We had an uneventful 2-hour drive to Wilmington, and just over the bridge into Wrightsville Beach, we pulled into the Causeway Cafe for lunch. Robert had their Crabcake Sandwich, and I had their Garlic Shrimp, Tomato, and Melted Mozzarella Wrap. They were both good enough, but not fantastic. They were a little on the bland side.
We split a crock of banana pudding, which as the crock suggests, was a good portion for $2.99. But, again, we both found it a little bland—the bananas were not ripe enough in my opinion, and it probably could have used "setting" overnight or something like that. With all that said, it didn't stop us from eating any and all of it. Such troopers.
We continued directly to the beach, deciding on the way to not first stop by the hotel to check on an early check-in. Since it was noonish on a Friday, we didn't have any trouble finding a place to park, and at 10 minutes for $.25, we deposited 10 quarters to give us an hour-and-a-half on the beach with 10 minutes to walk to and from. We walked down to the beach using Beach Access #9.
Robert put on some SPF 45 zinc oxide for protection and I didn't put on any lotion at all. I hate putting lotion over body hair and I hate putting lotion on once already on the beach with all that sand around. Speaking of which, all that heat, sand, and water! Not at all what I was expecting.
We each went into the ocean for about 15 minutes, although at different times, and it was nice—once it got past your balls, of course.
We checked into our room at the Quality Inn on Market at just before 3:00, after which we spent about an hour by the pool. Well, I did. Robert spent a little less. There were four kids in the pool, all of whom seemed somehow related to one of the housekeepers working at the hotel. They made non-stop noise. Noisy kids playing in a pool. Again, not at all what I expected. I really need to update the brochures in my mind.
After a short nap, we made a run over to Target, where the main goal was to buy a needle and some black thread so I could sew two holes in shirts of mine—one hole under one arm of two of my t-shirts.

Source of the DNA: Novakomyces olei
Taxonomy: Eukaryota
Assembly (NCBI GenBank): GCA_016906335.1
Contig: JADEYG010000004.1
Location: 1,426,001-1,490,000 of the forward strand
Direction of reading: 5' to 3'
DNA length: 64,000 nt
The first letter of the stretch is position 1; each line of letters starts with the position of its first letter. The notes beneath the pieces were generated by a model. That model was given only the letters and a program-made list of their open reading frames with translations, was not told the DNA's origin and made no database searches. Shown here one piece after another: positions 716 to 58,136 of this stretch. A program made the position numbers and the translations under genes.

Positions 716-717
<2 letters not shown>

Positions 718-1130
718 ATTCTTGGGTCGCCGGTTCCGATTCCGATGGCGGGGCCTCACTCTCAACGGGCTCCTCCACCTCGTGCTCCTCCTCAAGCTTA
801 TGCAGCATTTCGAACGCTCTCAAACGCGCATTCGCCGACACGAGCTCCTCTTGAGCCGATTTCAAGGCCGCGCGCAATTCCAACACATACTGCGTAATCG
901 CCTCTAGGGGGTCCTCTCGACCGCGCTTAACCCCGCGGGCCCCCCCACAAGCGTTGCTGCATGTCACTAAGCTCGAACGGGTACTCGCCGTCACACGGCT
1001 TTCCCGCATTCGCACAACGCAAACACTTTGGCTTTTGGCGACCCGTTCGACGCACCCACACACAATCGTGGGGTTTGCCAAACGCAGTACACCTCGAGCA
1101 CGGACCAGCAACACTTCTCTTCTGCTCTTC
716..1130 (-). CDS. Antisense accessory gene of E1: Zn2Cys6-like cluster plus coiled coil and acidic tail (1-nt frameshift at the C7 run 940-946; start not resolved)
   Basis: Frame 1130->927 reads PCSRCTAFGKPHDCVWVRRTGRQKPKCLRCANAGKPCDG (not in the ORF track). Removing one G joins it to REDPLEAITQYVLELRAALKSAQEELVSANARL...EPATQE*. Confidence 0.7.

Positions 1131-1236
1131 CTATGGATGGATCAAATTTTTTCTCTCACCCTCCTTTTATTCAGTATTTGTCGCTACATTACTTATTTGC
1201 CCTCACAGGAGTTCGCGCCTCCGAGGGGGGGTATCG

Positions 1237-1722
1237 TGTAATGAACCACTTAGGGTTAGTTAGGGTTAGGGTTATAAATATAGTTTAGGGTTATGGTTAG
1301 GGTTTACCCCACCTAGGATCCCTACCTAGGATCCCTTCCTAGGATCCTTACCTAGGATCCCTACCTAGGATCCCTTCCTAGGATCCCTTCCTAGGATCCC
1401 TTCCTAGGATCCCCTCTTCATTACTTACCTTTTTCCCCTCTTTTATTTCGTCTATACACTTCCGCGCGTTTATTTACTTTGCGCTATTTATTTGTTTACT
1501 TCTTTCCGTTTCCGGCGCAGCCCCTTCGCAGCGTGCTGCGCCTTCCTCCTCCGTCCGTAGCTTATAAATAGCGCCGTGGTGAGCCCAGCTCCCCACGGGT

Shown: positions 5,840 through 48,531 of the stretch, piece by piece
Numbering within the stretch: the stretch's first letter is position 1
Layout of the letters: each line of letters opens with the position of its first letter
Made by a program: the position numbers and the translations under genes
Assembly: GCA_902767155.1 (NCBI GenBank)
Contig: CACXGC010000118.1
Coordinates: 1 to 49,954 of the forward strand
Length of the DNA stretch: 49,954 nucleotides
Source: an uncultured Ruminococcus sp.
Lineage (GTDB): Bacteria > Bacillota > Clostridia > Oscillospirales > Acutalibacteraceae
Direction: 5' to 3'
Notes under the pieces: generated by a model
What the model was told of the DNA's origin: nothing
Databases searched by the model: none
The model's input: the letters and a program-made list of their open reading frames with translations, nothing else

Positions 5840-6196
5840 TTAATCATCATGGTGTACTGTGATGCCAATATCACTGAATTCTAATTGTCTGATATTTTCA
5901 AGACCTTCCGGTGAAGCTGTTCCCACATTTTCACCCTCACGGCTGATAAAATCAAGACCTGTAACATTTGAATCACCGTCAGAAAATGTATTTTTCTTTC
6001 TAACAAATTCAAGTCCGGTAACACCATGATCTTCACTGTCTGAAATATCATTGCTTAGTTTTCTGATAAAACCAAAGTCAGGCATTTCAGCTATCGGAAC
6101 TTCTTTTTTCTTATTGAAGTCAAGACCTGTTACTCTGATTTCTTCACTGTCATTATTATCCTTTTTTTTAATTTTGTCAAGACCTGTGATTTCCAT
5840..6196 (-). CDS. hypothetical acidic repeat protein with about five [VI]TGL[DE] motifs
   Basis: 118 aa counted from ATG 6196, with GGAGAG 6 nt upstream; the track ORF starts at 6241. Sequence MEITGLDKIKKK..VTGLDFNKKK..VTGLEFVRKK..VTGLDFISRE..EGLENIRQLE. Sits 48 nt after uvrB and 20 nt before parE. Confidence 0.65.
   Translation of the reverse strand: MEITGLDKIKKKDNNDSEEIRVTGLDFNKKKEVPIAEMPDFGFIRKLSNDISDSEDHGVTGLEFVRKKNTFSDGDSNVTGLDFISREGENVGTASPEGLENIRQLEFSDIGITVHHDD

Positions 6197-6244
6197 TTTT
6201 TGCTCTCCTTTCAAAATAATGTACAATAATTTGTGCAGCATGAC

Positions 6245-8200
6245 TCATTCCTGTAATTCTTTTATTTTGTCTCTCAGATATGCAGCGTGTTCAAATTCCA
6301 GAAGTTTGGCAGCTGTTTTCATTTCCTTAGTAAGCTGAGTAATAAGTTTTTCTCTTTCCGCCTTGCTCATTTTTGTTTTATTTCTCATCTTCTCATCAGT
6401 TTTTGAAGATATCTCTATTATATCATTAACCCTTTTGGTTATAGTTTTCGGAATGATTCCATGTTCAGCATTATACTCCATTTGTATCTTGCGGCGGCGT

The highlight of the trip was the lady in Target on her cell phone, who when passing us we heard say, "Cancer's cancer," which we of course repeated for the rest of the day in a New York accent, "Cancah's cancah."
We had a light dinner from Arby's—Robert had their Chicken Salad Sandwich, and I had two of their Jr. Roast Beefs. The place was walkable, so we walked there to eat, but ended up getting it to go, because it was absolutely freezing in the place.
At around 10:00, we made our way to a new gay bar in Wilmington, called The Tool Box. While that name might exude butchness, its logo uses various tools to spell out the name, and the "tool" that makes the "X" looks like a pair of hair salon scissors. Things that make you go, "Hmmmm."
This new, little bar was really okay, but the cigarette smoke in the place was absolutely unbearable. I don't think that it's just because Flex has gone smoke-free that made it intolerable (though that probably makes us less willing to tolerate it); it was more about the fact that just about everyone in the place kept lighting up.
The price of the drinks were very, very good, though. I bought Robert a Miller Lite and I had my standard bourbon and diet, and for the pair it was $6.00. And the plastic cup my well drink was in was bigger than the one at Flex, where it's $3.50. I never was sure if the beer was $2.50 and my drink $3.50, or $2 and $4. I'm quite sure they weren't each $3.
To add confusion to that unknown, Robert went back to get himself another beer (I decided not to have another as we knew we weren't staying, and we'd passed a cop on the way there), and he said that he was quite sure the register had rung up $2.00 for his beer, but the bartender said, "That'll be $3.00."
They were having "male entertainment" coming into the place at midnight, and we both agreed we wanted to be gone by then, but we left right after Robert finished his second beer.
We made a stop at Costello's where there was good news and bad news. Well, not bad news, really. The good news was that there was no cover charge to get in the place. The other news was that there were about 10 people in the place, George (the owner) was bartending (he might be a good owner, but he's not the best bartender, particularly in terms of being friendly and making you feel that he's grateful, or even glad, that you're patronizing his business), and the piano player was decent, but she seemed to scream most of her songs.
We each had only one drink there, and then headed home.